Fig. 1
figure 1

Overview of the xCAPT5 Model Architecture, which encompasses five distinct phases denoted by the capital letters in the parenthesis. A Input Stage: The model takes two protein sequences as input. B Embedding Phase: The ProtT5-XL-UniRef50 Protein Language Model processes the sequences to produce amino acid embeddings. C Single Sequence Learning Phase: Subsequent to embedding, each sequence traverses through five convolutional modules. Within each module, four layers are executed in sequence: the first performs convolutions with kernel sizes 2 (conv 2), 3 (conv 3, not illustrated in the figure), and 4 (conv 4), generating varying feature maps. These maps are then activated via the Swish function in the second layer. The third layer acts on the activation output, applying average pooling (AP) and max pooling (MP) to retain the most important features. The fourth layer (Pooling accumulation by depth), functioning as an auxiliary pathway, applies global max pooling and global average pooling on activation output across different depths, followed by a multi-kernel concatenation (Multi-kernel concat) to create a comprehensive feature profile for each sequence. The concatenated outputs are processed through a two-layer feed-forward network incorporating fully connected layers (dense), ReLU activation, and drop out. D Sequence Pair Learning Phase: The extracted representations from individual sequences are combined and fed into a three-layer feed-forward network to learn the refined features of protein pairs. E Intermediate Phase: The XGBoost algorithm is employed to train on these integrated features, optimizing the model’s predictive capability. F Prediction Phase: The final output is a probabilistic score given by the trained XGBoost model, which predicts the interaction potential between the two input protein sequences

Single protein sequence learning

Following the encoding phase, the protein sequence learning phase in xCAPT5 delves into extracting and comprehending the intricate patterns and representations inherent within pairs of amino acid embeddings, X and \(X'\). To achieve this, xCAPT5 employs a Siamese architecture that utilizes deep multi-kernel convolutional neural networks (CNNs) combined with the concatenation of global average pooling (GAP) and global max pooling (GMP).

The Siamese architecture is employed to process two protein sequences simultaneously, capturing their respective patterns and representations in a shared network. This architecture facilitates the learning of the latent relationships and interactions between the individual protein sequences. Within the Siamese architecture, the deep multi-kernel CNNs serve as the backbone for extracting meaningful features from the protein sequences. These CNNs employ multiple convolutional kernels, each with a different size \(k \in [2, 3, 4]\), to capture both local and global features. The multi-kernel approach enables the network to explore and learn diverse spatial relationships and motifs within the protein sequences, enhancing its ability to comprehend the complex characteristics embedded within them. To extract and capture the intricate information embedded within the rich-information amino acid embeddings, xCAPT5 constructs deep CNNs corresponding to each kernel size. The deep CNN within xCAPT5 is structured with five blocks consisting of four sequential layers; the number of blocks represent the level of depth (5) in the network.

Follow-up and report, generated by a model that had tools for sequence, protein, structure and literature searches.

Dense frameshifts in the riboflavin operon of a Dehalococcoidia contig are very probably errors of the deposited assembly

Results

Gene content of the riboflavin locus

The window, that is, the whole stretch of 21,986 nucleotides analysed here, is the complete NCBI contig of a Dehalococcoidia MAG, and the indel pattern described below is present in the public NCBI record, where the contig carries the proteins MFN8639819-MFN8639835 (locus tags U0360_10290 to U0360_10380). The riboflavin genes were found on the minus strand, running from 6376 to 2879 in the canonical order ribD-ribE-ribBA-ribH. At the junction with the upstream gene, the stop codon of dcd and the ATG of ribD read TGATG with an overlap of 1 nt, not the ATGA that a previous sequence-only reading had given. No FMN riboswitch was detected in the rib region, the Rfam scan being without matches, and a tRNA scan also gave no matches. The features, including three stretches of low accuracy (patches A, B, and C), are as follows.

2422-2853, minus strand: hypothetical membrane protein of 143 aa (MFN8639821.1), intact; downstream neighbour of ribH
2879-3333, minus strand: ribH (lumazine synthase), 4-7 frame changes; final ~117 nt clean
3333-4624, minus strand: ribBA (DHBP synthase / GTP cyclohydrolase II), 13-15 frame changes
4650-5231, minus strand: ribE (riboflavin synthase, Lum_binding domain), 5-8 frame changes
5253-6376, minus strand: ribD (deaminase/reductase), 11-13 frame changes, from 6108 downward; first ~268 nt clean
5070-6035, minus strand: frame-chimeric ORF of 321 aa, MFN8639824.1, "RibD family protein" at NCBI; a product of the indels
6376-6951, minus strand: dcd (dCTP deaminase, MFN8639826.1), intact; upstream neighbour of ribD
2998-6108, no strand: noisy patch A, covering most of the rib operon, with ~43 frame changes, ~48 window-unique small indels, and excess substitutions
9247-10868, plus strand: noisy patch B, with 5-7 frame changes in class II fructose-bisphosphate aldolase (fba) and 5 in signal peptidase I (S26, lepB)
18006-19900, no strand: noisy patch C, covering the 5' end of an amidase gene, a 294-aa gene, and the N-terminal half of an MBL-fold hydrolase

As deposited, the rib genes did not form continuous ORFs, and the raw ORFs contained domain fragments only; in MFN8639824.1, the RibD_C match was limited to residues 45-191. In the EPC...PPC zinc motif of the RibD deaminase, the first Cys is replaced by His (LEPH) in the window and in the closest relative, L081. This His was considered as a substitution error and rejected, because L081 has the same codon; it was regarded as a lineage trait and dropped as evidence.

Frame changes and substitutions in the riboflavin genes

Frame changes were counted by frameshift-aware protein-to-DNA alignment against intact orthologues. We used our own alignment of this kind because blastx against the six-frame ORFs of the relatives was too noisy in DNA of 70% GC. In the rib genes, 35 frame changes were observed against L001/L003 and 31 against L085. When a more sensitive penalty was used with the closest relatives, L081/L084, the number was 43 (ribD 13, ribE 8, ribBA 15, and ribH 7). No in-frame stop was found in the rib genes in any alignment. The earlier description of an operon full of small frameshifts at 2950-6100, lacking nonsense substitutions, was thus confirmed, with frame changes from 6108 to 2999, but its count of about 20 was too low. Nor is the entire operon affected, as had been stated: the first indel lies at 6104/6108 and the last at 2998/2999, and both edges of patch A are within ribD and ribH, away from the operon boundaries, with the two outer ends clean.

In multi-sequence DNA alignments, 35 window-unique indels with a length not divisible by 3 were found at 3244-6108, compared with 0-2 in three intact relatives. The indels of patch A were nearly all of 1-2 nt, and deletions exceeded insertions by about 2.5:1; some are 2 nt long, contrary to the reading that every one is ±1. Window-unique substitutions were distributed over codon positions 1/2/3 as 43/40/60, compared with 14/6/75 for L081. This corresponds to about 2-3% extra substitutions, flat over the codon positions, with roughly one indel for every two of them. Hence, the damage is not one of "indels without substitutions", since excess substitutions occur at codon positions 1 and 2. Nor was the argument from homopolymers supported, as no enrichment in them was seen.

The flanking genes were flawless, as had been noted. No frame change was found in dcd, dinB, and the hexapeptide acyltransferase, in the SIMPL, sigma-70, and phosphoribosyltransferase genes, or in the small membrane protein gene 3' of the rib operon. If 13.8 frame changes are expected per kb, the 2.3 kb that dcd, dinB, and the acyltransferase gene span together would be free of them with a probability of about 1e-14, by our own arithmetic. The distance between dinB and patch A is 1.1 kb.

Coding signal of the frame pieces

The first layer (Convolutional Layer) applies a set of filters with kernel size k to the input X (the amino acid embeddings) in the first block or the output of the third layer from the previous block dth \(Z_{k}^{d-1}\) with \(d\in [1, 5]\), we denote \(Z_{k}^{0}:=X\). These filters capture different local patterns and interactions, allowing the network to detect important features within the protein sequences

$$\begin{aligned} C_{k}^{d} = \text {Conv}_{k}(Z_{k}^{d-1}), d \in [1,5] \end{aligned}$$

The second layer (Swish Activation Layer), introduces non-linearity into the network via the swish activation function [17]. This function enables the model to capture intricate relationships and dependencies among the learned features effectively. This layer maps the feature maps \(C_{k}^{d}\) generated by the convolutional operations in the preceding layer to a set of activated feature maps \(Y_{k}^{d}\).

$$\begin{aligned} Y_{k}^{d} = \text {swish}(C_{k}^{d})) \end{aligned}$$

The third layer (concatenation of average pooling (AP) and max pooling (MP)) receives the activated feature maps \(Y_{k}^{d}\) as input and performs both AP and MP operations followed by a spatial dropout operation, referred to as SpatialDrop, a regularization technique that randomly deactivates entire feature maps during training to prevent the model from relying excessively on specific spatial locations or local patterns, thereby reducing overfitting. This layer effectively combines global context information derived from AP and the most discriminative local features derived from MP. Following the pooling operations, another spatial dropout operation is applied to further enhance the robustness of the model. The output of this layer is a set of pooled and regularized feature maps \(Z_{k}^{d}\).

$$\begin{aligned} Z_{k}^{d} = \text {SpatialDrop}\left( \left[ \text {MP}\left( Y_{k}^{d}\right) , \text {AP}\left( Y_{k}^{d}\right) \right] \right) \end{aligned}$$